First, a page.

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An English way of saying that Heathcliffe was quite possibly Irish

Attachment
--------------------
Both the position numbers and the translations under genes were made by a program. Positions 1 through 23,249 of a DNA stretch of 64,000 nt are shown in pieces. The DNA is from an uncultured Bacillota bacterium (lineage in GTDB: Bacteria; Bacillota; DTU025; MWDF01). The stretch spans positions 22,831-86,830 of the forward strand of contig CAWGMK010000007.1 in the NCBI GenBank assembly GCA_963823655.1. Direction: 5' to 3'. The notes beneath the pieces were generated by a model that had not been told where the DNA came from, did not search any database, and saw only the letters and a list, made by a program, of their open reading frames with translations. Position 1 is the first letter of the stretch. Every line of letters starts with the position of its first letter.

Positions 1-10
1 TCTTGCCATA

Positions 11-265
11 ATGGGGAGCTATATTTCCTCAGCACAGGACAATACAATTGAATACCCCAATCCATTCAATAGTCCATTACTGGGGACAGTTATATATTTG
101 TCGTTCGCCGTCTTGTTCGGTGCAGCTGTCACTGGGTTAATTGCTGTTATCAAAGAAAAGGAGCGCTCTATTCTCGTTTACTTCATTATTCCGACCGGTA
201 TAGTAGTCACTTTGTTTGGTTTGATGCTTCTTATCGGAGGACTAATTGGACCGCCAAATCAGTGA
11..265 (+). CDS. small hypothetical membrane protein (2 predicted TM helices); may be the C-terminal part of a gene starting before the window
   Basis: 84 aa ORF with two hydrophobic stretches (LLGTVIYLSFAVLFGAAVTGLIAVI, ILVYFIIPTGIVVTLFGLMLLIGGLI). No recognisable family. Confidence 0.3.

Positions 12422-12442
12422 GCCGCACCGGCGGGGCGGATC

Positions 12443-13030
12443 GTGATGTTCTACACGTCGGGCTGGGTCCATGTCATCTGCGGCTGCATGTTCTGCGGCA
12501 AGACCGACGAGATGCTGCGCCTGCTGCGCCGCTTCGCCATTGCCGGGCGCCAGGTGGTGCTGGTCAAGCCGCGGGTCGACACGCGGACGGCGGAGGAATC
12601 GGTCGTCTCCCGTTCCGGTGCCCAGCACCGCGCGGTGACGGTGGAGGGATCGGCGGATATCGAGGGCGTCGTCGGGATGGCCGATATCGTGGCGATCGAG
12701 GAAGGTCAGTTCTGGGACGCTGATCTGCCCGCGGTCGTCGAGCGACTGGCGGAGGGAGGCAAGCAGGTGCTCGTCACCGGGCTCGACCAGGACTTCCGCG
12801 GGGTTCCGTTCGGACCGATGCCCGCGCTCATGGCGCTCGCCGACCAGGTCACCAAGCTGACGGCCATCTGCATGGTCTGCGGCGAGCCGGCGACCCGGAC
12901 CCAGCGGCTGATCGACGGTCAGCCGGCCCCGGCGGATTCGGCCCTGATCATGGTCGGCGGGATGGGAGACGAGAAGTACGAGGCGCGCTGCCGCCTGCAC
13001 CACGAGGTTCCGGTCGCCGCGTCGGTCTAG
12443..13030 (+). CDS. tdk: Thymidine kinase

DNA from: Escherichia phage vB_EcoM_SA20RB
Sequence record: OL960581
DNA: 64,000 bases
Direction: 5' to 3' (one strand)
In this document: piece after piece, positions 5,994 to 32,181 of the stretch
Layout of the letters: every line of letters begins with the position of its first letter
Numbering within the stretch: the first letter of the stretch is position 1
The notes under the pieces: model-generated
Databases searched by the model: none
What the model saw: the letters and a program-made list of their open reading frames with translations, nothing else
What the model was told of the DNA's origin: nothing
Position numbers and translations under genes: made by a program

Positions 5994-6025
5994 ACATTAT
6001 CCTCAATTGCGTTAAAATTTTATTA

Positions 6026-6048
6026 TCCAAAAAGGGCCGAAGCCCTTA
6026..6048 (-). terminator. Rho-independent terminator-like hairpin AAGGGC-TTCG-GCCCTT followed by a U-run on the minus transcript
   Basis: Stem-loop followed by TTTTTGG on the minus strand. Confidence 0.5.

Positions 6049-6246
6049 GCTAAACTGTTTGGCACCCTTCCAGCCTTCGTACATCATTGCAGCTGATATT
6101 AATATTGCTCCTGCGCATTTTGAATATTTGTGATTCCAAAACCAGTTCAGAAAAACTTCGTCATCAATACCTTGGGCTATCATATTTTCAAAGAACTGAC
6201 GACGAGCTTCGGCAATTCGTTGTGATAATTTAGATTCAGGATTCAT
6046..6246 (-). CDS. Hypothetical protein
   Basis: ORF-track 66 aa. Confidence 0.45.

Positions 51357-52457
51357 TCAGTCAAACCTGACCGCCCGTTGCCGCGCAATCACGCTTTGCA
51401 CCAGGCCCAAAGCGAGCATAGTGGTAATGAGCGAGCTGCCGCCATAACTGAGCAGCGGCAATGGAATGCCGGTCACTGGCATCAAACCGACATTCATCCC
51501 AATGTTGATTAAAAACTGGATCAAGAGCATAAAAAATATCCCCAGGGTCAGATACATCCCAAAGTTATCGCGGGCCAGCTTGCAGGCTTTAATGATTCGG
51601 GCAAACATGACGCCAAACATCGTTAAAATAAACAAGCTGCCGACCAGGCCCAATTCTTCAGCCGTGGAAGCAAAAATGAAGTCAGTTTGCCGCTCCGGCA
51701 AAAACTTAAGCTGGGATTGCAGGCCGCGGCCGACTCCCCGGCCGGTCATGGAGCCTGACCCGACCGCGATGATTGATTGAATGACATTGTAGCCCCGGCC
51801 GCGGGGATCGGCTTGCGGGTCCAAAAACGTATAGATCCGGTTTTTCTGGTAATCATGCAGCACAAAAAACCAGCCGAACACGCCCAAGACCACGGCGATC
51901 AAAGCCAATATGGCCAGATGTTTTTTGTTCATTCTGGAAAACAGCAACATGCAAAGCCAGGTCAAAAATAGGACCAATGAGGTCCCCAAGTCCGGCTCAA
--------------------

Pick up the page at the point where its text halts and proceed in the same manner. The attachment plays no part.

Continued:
In August 1845, Branwell Brontë, ill-starred drug-addict brother of the celebrated trio, took a trip from the Haworth family home to Liverpool. It was on the very eve of the Irish famine, and the city was soon to be thronged with its hungry victims. Many of them would have been Irish speakers, since it was the Irish-speaking poorer classes that the famine hit hardest. As Winifred Gérin comments in her biography of Emily Brontë: ‘Their image, and especially that of the children, was unforgettably depicted in the Illustrated London News – starving scarecrows with a few rags on them and an animal growth of black hair almost obscuring their features.’ A few months after Branwell’s visit to Liverpool, Emily began writing Wuthering Heights – a novel whose male protagonist, Heathcliff, is picked up starving off the streets of Liverpool by old Earnshaw. Earnshaw unwraps his greatcoat to reveal to his family a ‘dirty, ragged, black-haired child’ who speaks a kind of ‘gibberish’, and who will later be variously labelled beast, savage, demon and lunatic. It’s clear that this little Caliban has a nature on which nurture will never stick; and that’s merely an English way of saying that he’s quite possibly Irish. Source Terry Eagleton

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